Super Mario Bros. 3 was a commercial success and became one of the video game industry's best-selling games.[12] Its inclusion in The Wizard served as a preview and generated a high level of anticipation in the United States prior to its release.[17][19] Levi Buchanan of IGN considered Super Mario Bros. 3Template:'s appearance in the film as a show-stealing element, and referred to the movie as a "90-minute commercial" for the game.[20] By 1993, the game had sold 4 and 7 million units in Japan and the United States respectively, earning Nintendo over US$500 million in revenue. Author David Sheff commented that, in music industry terms, the game went platinum eleven times.[21] In 2008, Guinness World Records listed the game as the best-selling video game to be sold separately from a system, and reported worldwide sales of over 18 million copies.[22] Game Informer reported in their October 2009 issue that the Virtual Console version had sold one million copies.[23] Game Informer also made Super Mario Bros. 3 number 9 in their Top 200 video games of all time.

The game was well received by the video game press. Julian Rignall of Mean Machines referred to Super Mario Bros. 3 as the "finest videogame" he had ever played, citing its addictive gameplay that offered depth and challenge. A second Mean Machines reviewer, Matt Regan, anticipated the game would be a top-selling title in the United Kingdom, and echoed Rignall's praise calling it a "truly brilliant game". Regan further stated that the gameplay offered elements which tested the player's "brains and reflexes", and that though the graphics were simple, they were "incredibly varied".[4] In a preview of the game, Nintendo Power gave it high marks in graphics, audio, challenge, gameplay, and enjoyability.[5] Edge magazine considered Super Mario Bros. 3 Nintendo's standout title of 1989, and commented that its success outshone the first Super Mario Bros.Template:'s sales milestone; the first title sold 40 million copies, but was bundled with the NES.[24] They lauded the overworld map as an elegant alternative to a menu to select levels.[25] Allgame's Skyler Miller praised many of the game's elements: level design, graphics, music, and nonlinear gameplay.[6] Dengeki referred to the game as a popular title and expressed excitement over its rerelease on the Game Boy Advance system.[26] The in-game, hidden items were a well-received element.[27] Rignall considered them a component of the game's addictiveness, and Sheff stated that finding the secret items in the game, such as the whistles, provided a sense of satisfaction.[4][28]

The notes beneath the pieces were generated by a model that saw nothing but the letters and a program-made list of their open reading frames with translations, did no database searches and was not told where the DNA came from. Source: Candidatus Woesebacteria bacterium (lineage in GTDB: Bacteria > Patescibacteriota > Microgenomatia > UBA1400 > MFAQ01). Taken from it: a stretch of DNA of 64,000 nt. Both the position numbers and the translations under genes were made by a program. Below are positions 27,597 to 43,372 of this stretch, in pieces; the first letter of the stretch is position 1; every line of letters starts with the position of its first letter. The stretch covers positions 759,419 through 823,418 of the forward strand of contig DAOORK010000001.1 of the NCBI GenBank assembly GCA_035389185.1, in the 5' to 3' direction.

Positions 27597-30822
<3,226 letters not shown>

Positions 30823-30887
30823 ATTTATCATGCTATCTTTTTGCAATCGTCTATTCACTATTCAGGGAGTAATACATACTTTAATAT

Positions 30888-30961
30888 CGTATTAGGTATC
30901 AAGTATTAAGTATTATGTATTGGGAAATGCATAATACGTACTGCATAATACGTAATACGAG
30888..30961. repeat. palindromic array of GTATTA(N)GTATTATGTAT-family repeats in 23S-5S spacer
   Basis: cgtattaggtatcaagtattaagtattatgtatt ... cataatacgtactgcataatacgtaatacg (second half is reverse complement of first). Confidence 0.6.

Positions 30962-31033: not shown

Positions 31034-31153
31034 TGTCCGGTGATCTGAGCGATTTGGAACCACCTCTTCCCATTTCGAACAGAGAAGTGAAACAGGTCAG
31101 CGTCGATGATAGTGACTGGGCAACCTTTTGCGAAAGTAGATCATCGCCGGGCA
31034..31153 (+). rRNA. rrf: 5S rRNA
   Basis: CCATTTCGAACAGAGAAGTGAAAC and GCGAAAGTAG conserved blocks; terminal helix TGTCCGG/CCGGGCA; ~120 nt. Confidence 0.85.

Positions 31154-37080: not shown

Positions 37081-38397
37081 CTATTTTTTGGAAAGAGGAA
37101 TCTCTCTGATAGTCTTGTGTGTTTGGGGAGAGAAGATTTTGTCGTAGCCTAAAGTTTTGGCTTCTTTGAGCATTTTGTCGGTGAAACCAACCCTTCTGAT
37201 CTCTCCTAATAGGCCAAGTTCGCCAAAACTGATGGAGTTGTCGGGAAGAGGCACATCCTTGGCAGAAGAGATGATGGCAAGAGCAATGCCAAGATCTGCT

Criticism focused on different aspects of the game. Miller considered the exclusion of a system to save progress a drawback, while Rignall described the audio and visuals as being outdated compared to games on the then new Sega Genesis and Super Nintendo Entertainment System (SNES).[4][6] These two problems would be fixed in the game's remake for Super Mario All-Stars in 1993. The game was also criticized for its comparatively high difficulty level.

Because of its popularity, Super Mario Bros. 3 has appeared on numerous top video game lists. The game debuted on Nintendo PowerTemplate:'s Top 30 list at number 20 in September 1989.[29] It entered the list's top 10 a few months later and reached number one in May 1990.[30][31] Super Mario Bros. 3 remained within the top 20 for more than five years.[32] More than a decade later, the magazine ranked the game number six on their list of 200 Greatest Nintendo Games.[33] In August 2008, Nintendo Power listed Super Mario Bros. 3 as the second best Nintendo Entertainment System video game, praising it for making the series more complex and introducing new abilities that have since become signature abilities in the series.[34] The game placed 11th, behind Super Mario Bros., in Official Nintendo MagazineTemplate:'s "100 greatest Nintendo games of all time".[35] In 2007, Screwattack called Super Mario Bros. 3 the best Mario game in the series as well as the best game on the NES, citing the graphics, power-ups, secrets, and popularity, summing it up as "it is just incredible" and "If you haven't experienced this greatness, we pity you".[27][36] In a poll conducted by Dengeki, it tied with Super Mario World as the number three video game their readers first played.[37] The game has been ranked on several of IGN's lists of "top games". In 2005, they rated it 23rd among their Top 100 Games, and praised the precise and intuitive controls.[38] IGN editors from the United States, United Kingdom, and Australia ranked Super Mario Bros. 3 number 39 in their 2007 Top 100 Games, citing Miyamoto's "ingenious" designs. They further commented that the game improved on the "already-brilliant concepts" of the previous titles with new power-ups and enemies.[11] Users and readers of the website placed the game high on similar lists: 32nd in 2005 and 21st in 2006.[39][40] In 2007, it was included in the "game canon", a list of the ten most important video games selected by a committee to preserve key titles within the industry.[41] In 2009, Game Informer put Super Mario Bros. 3 9th on their list of "The Top 200 Games of All Time", saying that it is "a game with incredible lasting power that we won't soon forget".[23]

Legacy Edit